Through countless hours of soul searching I made the decision to take that which had befallen our lives and turn it into a positive. This was not going to be an easy task; because even though I have spent as many years, embroiled in this private mortgage fraud hell as it would have taken me to get a Masters Degree, I wasn’t sure what I could offer, or even if I wanted to attempt to help others, when I am still sitting here trying to figure out what flippin’ bus had hit us.
Noticing other’s journey was not the top priority on my list; but surviving this without bitterness in my heart was. I have since read countless stories, so not unlike my own, where one thing resonates with all that have been affected. The pain. The pain of the realization that our legal system is not “justice for all”. The pain of having years of memories thrust into a moving box; sometimes by people you don’t even know and having your possessions placed out on the street. The pain of “preaching to the choir”, people feel bad for you, but they wish you well and continue on with their lives. The pain when no one is listening. I know what that feels like and it’s a horrible feeling of despair, because you feel like you are the only one in the whole world that is feeling what you are feeling. It is very personal in a very impersonal world and you feel utterly and hopelessly alone.
The fact that it is going on six years since the mortgage meltdown and these stories are still happening every day, while our government sits idly by allowing these proven criminals to still do “business as usual” is ludicrous. So, my choices were either to become an advocate and let the other mortgage victims have a place to share their stories and try to support and help them in anyway possible, or I could do nothing. I could sit in my own little world of pain, never reaching forward and never reaching out. Would that make me happy? Doubtful. I have tried to be a giver most of my life (that is when I had anything to give) and to let something so morally wrong an unethical turn me into a crotchety old woman who has no compassion for other’s plight is not where I want to be; even though I totally get why some people end up feeling that way when they get older. Life sure has a way of beating us up sometimes.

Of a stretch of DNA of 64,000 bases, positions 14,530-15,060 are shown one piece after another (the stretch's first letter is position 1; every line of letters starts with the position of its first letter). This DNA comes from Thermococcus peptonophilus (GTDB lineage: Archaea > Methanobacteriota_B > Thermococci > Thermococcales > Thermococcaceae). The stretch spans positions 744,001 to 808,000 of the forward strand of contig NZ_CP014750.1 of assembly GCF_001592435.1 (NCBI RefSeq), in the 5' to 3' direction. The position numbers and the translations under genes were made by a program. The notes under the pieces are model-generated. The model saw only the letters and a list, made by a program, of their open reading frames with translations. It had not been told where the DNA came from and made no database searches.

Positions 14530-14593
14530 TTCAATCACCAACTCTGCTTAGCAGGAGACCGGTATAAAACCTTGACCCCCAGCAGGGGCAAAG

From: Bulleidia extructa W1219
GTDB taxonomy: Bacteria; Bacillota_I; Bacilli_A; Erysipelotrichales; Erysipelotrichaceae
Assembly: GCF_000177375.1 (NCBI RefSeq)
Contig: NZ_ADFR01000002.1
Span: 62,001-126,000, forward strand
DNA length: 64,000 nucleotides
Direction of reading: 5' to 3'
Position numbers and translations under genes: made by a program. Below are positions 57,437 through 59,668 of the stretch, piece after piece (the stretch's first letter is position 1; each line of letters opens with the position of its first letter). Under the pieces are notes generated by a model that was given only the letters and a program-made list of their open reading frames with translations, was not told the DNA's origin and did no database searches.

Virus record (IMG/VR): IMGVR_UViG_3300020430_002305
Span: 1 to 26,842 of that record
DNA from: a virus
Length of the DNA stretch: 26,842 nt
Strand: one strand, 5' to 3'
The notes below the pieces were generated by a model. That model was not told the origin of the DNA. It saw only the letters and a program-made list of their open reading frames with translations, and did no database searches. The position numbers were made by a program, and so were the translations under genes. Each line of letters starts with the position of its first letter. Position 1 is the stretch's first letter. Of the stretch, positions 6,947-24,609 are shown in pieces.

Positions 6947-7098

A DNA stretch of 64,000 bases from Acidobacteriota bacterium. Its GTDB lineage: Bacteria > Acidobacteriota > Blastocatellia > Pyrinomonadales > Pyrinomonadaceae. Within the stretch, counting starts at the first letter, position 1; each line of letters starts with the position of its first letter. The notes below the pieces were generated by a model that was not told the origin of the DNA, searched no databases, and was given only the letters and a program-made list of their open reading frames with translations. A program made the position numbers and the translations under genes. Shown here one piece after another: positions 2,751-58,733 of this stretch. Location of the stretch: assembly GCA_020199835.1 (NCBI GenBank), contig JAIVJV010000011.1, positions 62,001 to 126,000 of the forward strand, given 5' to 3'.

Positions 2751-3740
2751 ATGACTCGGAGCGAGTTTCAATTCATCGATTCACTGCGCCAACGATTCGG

Nothing is ever gained by quitting. As much as life makes me want to throw up my hands and scream “I surrender”, I know that, truly, my soul will not allow me to do that. I know, as I live and breathe, that my Lord allowed me to go through this for a reason and it was and is up to me as to how I am going to apply the lessons I’ve learned. Therefore, my decision to become an advocate for those whose lives have been damaged, such as ours, is a well thought out one. It has went past something that I want to do to something I need to do. No one should ever be allowed to be victimized by corporation bullies who have been proven to be felonious, and above the judicial merits of this country.
I vow to spend every day, in one way or another, trying to get the word out to those that have not been a party to this fiasco. I intend to have every politician in our county brought up to date on the rape of American homeowners by the financial institutions of this country and will continue to do so, until the laws are changed and the corporations and banking institutions are held to the same letter of the law as the rest of us. I vow to be a voice for victims of this crime from this day forward, regardless of how beat up I feel, or when the little losses get me down. I vow everyday to be voice you need me to be; the provider of comforting words when you need them most and to stay true to my goals as an advocate for the victims and their families; never forgetting what it means to be an advocate for this nations mortgage fraud victims.